1978 was the height of the disco era. In the first three months of the year, the Bee Gees had five top ten songs in the same week. John Travolta was nominated for an Academy Award, and the music was everywhere. Dolores and I were going into our senior year of college and we loved going out, seeing movies, listening to music and eating well. We were not big party people, certainly not in the way people ask today if you party. We went to college parties and enjoyed ourselves but we never learned to dance, I did not drink and neither of us got high. So it is a little strange that we enjoyed this time in the country so much. We listened to Kiss in the car all the time, and went to concerts, but we could not be part of that “Death to Disco” crowd that sometimes came out, because as far as we were concerned it was innocuous fun. Today’s movie came out in that summer and I remember seeing it with my beautiful girlfriend, and we were almost certainly wearing polyester, even if we weren’t going dancing.
This is the movie that earned an Academy Award for disco music. “Last Dance” is a perfectly good disco song, and Donna Summer is always terrific. When we saw her at the Hollywood Bowl a few years ago, she was still great in her voice and the music always gets people up and moving even if they don’t dance. I hate however, that the finest composers of what was labeled “Disco” music, the Brothers Gibb, never received any Oscar mention. Their songs from “Saturday Night Fever” an excellent movie and THE soundtrack of the disco era were ruled ineligible because some elements of the music originated before the contract to do the movie soundtrack was signed. So, three months after the Academy gives it’s award for 1977 to the treacle Debbie Boone song, this movie came out. The next year the music guild in the Academy seemed to be trying to make good by giving an award to Paul Jabara’s song played at the end of the movie. It’s a good thing that most of the guild did not realize he also acted in this film. His role as Carl, the obnoxious near-sighted horn-dog that got locked in the stairwell, almost ruins the movie.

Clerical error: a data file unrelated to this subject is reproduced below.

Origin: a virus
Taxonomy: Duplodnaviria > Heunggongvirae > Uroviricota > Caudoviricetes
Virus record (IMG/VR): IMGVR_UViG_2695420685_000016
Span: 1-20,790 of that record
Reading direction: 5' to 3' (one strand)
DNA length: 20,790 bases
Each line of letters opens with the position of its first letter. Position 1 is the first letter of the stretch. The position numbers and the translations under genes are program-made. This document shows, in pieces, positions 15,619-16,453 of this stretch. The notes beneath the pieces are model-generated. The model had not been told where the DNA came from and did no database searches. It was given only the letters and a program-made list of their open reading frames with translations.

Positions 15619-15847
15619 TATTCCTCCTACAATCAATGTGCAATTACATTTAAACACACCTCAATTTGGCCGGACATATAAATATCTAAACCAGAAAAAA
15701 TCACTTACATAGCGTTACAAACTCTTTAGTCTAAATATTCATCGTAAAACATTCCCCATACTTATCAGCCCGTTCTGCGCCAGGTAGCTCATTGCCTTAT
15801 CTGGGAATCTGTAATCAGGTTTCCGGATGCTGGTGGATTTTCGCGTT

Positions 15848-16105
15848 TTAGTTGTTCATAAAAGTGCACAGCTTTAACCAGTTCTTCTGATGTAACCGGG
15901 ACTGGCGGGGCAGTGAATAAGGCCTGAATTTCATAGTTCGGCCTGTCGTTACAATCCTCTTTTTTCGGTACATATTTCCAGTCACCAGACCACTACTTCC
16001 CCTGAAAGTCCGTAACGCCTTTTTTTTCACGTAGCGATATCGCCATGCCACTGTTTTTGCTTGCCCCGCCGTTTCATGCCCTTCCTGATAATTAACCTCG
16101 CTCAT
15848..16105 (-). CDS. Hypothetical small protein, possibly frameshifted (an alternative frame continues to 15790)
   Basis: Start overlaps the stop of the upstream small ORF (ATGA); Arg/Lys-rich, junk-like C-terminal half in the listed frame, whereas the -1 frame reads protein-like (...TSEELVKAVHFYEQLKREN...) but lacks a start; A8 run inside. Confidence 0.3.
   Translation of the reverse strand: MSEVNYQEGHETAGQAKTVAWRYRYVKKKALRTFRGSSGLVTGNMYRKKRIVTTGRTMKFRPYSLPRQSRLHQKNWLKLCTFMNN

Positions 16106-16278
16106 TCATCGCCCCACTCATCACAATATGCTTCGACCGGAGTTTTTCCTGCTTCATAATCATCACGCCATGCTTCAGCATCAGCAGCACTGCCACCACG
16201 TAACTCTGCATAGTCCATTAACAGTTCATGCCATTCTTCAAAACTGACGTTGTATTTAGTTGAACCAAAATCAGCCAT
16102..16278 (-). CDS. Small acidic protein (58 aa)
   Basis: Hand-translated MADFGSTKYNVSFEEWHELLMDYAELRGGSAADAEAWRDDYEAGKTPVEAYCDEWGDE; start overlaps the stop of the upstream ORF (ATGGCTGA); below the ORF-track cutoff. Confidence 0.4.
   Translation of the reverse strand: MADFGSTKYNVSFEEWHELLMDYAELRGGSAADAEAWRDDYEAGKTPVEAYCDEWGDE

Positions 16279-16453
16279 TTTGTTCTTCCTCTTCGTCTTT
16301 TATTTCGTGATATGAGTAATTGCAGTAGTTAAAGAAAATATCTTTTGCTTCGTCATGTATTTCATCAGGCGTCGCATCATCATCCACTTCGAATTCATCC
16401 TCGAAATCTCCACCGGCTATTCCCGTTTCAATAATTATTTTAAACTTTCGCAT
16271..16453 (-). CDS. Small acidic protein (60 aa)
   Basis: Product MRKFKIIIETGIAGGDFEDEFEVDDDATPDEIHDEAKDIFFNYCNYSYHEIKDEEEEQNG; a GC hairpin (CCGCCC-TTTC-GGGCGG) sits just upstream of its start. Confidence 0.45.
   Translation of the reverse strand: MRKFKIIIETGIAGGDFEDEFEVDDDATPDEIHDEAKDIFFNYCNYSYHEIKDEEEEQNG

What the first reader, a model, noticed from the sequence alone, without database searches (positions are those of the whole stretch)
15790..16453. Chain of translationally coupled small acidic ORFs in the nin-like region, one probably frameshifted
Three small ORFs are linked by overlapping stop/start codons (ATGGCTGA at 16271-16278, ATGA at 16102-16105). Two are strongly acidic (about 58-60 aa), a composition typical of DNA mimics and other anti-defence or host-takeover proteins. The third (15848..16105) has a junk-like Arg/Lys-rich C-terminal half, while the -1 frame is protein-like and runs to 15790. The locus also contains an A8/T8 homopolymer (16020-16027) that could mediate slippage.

There is really not a plot to the movie, it takes place almost in real time, the hours between 10 pm and 12 am. There are several sets of people that end up at a flashy disco called “The Zoo”, and there are little stories behind each one. There are two teen girls trying to win a dance contest, two working girls out looking to find someone they can stand, an older married couple out on their anniversary, and two average guys looking to hook up. Throw in some wanna be singer subplot, a hot funk band, a sleazy club owner and a wiseguy DJ and you have a movie. I suspect that this was really a chance to sell a soundtrack. RSO records had the biggest selling soundtrack in the world with the “Fever” collection. Neil Bogart, the guy that brought us Kiss with his start-up record company, must have eyed that success and thought to himself, “Casablanca Records” can do that too. I never owned the soundtrack to TGIF, but I’m sure they made a bundle.
It is fun to see Jeff Goldblum and Debra Winger in this movie. Neither was well known at the time, and now both have probably faded from the public eye a bit. Goldblum has always been a favorite around our house because if JAWS is our crack, then Jurassic Park is our catnip. Here he plays the disco owner, who apparently sleeps with half the women in the club. His goal this evening is to score with the straight married woman in order to win a bet. Terri Nunn, who later was the lead singer for Berlin, is one of the teen girls. Donna Summer plays, guess what, an aspiring singer. She is actually very good but of course best when the music starts and she is behind the mike.
The whole vibe of the movie is loose. It simply wants to entertain for a couple of hours and sell some music. There is a nice dance number in the parking lot that looks like it must have been pretty athletic to do. I could have lived without the computer dating couple. There is a fair amount of drug use in the movie, which makes it all the more revealing that this is a 1970’s film. The casual attitudes toward recreational drugs is reflected in a PG rating for the film. I don’t think the rating is wrong, but I do see how the world has changed in some of it’s attitudes. To me the best thing about the movie has always been that the reason the teen girls wanted to win the dance contest, was so they could buy Kiss tickets. Rock and Roll All Night you disco lovers.